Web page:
What Should My Child Listen To? And Will It Drive Me Crazy?

Many parents are trying to find music that will keep their children entertained, help them to grow musically and not drive mom and dad crazy. Good news! I’m here to help! Below are my guidelines for selecting great music, including some specific recordings you may want to consider to fill out your library! Please remember, these are just guidelines, and most music will not “obey all the rules”. What’s important is to keep these ideas in mind when picking out music for your child. Of course, your Musikgarten recordings take all of these things into consideration, so make sure they get a prize spot on your device!
Choose music in a range children can sing. Children have very small vocal cords, which is why their whines and screams are so ear-splitting! If you want your children to sing well, they need to hear songs that are in that high register. I really like Steve Songs! His natural tenor register is perfect for children to imitate an octave up.
Choose music played by real instruments. Your child will learn what a flute sounds like by listening to a flute. A synthesized flute will not give them the same experience. Saint-Saens’ Carnival of the Animals is a huge hit with our Musikgarten kids!
Choose music with a proven track record. Traditional and folk music has lasted for so long for a reason. It’s good! Besides, grandparents love singing songs they recognize with your children! Elizabeth Mitchell chooses fabulous mix of old and new. I adore her.
Choose music YOU like. If it is annoying, it will not teach your children to love music. My kids and I all loved singing “Ob La Di Ob La Da” by the Beatles when they were little. Now Caspar Babypants (aka Chris Ballew from Presidents of the United States of America) has put out this gem of covers. It’s 2015. No one should have to listen to Barney or Elmo ever again.
Choose a wide variety of styles. When children are exposed to a wide variety of music (not just “children’s” music) the more comfortable they will be with different styles as they get older. Wouldn’t it be awesome if your child’s favorite musical group was Ladysmith Black Mambazo? The answer is yes, yes it would. And you are welcome.


Along this vein, My husband would also request I pick a great jazz album for your children. This album begins with Ella Fitzgerald and ends with Louis Armstrong. You cannot go wrong with those two.


Keep it simple. Children cannot discriminate through a lot of different sounds. A lot of loud, synthesized, music is very difficult for young children to process. I just discovered Justin Roberts, and, so far, he gets a thumbs up!
But, don’t be afraid to pass on your own musical heritage! If you love U2, Taylor Swift or Tim McGraw, your children will associate that with you, and hearing that music later will connect them to you. Just, no Miley for a while, ok?
The most important thing, though, is for your children to see you enjoying music. So relax! Enjoy some tunes together!


Sometimes, in the baby class, it can feel like we repeat activities and songs SO MANY TIMES!!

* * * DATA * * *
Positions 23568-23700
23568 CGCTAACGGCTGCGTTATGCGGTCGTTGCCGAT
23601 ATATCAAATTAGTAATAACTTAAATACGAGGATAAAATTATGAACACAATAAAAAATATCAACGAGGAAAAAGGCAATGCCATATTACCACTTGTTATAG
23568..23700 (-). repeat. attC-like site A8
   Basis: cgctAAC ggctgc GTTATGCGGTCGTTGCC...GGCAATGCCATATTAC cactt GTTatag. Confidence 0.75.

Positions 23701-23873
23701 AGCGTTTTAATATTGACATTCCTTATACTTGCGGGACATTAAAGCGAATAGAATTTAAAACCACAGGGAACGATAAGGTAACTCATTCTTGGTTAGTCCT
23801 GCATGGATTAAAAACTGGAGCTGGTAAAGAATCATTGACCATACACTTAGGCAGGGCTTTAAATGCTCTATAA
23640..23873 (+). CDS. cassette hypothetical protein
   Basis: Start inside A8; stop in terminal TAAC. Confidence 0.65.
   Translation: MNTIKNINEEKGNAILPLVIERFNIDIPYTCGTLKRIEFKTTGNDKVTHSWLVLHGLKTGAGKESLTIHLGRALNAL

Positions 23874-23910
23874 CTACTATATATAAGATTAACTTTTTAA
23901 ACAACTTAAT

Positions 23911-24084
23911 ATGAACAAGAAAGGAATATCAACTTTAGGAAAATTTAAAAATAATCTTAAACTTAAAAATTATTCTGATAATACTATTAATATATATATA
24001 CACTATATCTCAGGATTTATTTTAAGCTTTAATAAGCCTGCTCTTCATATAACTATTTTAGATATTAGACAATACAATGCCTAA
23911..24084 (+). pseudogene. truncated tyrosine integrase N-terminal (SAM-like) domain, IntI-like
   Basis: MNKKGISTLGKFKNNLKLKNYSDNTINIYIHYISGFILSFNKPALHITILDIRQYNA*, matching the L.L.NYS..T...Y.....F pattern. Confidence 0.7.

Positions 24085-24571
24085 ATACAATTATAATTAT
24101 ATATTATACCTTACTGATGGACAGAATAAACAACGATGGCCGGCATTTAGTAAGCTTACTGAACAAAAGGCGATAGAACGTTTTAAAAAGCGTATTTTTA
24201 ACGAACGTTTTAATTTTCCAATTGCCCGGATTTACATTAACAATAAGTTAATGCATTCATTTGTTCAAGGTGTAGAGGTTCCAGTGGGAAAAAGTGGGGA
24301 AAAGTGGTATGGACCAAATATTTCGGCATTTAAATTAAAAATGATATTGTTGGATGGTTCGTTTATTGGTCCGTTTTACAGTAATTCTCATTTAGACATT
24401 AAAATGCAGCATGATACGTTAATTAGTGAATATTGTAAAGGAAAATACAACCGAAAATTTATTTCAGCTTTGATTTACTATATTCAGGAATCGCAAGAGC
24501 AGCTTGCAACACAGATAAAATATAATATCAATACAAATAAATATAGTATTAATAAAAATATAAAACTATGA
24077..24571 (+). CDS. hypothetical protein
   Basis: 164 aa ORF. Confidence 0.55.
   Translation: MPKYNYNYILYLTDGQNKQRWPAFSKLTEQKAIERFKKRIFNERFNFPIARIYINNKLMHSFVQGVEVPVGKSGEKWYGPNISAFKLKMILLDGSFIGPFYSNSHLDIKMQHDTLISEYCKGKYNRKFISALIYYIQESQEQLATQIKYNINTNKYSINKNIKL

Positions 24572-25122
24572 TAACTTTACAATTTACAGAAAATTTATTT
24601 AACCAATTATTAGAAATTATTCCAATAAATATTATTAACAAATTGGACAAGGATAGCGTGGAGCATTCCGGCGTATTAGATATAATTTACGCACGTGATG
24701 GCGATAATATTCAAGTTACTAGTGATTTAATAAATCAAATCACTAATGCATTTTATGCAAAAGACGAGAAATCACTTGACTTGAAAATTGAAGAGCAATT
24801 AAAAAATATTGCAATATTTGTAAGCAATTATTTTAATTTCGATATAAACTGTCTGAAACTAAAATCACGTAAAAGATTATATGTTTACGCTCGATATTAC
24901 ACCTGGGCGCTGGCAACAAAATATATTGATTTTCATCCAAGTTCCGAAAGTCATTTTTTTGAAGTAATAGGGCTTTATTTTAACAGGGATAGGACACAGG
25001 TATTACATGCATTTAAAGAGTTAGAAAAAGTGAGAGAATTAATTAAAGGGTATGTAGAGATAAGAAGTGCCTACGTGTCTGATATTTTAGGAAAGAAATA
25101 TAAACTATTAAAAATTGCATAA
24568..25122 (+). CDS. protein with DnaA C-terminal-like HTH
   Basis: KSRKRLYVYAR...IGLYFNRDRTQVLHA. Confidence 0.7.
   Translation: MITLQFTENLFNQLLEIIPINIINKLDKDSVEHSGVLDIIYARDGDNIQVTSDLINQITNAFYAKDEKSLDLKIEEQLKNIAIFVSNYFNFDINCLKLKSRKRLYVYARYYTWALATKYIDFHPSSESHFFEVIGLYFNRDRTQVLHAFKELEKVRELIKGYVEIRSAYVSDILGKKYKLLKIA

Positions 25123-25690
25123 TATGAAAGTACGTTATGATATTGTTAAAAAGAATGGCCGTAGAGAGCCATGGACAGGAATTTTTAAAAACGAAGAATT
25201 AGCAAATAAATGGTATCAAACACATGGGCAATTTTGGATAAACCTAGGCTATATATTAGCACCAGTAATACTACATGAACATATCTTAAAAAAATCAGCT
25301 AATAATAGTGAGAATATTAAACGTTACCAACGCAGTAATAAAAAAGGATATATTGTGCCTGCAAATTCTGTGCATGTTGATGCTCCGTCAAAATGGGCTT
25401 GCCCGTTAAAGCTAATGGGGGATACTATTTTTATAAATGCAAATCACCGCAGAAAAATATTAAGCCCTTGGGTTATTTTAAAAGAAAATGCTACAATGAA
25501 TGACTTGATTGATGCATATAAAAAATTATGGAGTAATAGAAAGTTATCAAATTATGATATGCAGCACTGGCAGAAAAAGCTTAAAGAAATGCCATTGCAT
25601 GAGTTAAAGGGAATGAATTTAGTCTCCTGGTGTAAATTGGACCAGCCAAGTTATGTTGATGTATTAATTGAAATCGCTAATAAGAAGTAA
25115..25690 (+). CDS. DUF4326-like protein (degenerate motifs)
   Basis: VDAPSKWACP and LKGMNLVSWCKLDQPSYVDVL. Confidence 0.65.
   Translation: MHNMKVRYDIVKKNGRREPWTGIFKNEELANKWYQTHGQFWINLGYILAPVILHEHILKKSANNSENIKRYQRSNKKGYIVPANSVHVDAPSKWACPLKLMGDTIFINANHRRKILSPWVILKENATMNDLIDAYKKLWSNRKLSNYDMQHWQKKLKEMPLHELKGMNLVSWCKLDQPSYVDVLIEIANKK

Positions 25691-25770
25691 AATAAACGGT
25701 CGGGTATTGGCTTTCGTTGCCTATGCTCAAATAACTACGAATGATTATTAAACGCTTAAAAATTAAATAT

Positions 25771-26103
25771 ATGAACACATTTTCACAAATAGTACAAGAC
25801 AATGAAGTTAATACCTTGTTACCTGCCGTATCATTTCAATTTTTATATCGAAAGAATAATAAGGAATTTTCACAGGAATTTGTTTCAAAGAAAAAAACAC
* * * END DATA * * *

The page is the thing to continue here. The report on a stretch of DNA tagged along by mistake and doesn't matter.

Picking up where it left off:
This is on purpose. Babies learn through repetition! When an adult hears something new, it is generally pretty easy for us to figure out what is going on. We take cues from our past or our environment and interpret what is around us.

Babies don’t have that context for new activities, though! It may take them 3 repetitions of a song before they even realize something new is going on. Then it may take another 3 before they decide if it is fun or not. THEN, once they decide it is pretty fun, it takes another 3 or 4 times before they can recognize the pattern and anticipate what is coming. It’s so fun to watch, but it takes a lot of patience!

As we repeat activities ad nauseum throughout our class and week to week, don’t worry! Realize you are on “baby time”, slow down and enjoy this unique time before they switch focus every 15 seconds.

You can also really help your child this week at home by repeating your favorite class activities. Try singing “Pop! Goes the Weasel” or “Diddle Diddle Dumpling” after every diaper change and watch how your child grows to anticipate that time!




6 Tips for Improving Your Singing Voice

Unknown-1Do you ever feel like bursting into song, but are nervous about subjecting others to the noise? Here’s some help!

1) Listening when you sing is just about the most important thing you can do. Take time to deliberately use your ears to hear if your voice is matching pitch. This may mean you need to sing softer.

2) Don’t forget to breathe! Take deep, controlled breaths when you sing, and try to regulate how much air you are letting out at a time.

3) Find your “high” voice. Next time you are playing with your child, make sounds like you are a fire truck, a ghost or a dainty princess. Any of  these can help put your voice in a higher register. Once you are there, take some time to explore those notes. If you can get your voice there easily, you are well on your way to a pleasing singing voice.

4) Practice! Sing along to the radio, join a choir, sing songs with your children. You will find that the more you sing, the easier it will become to find your way.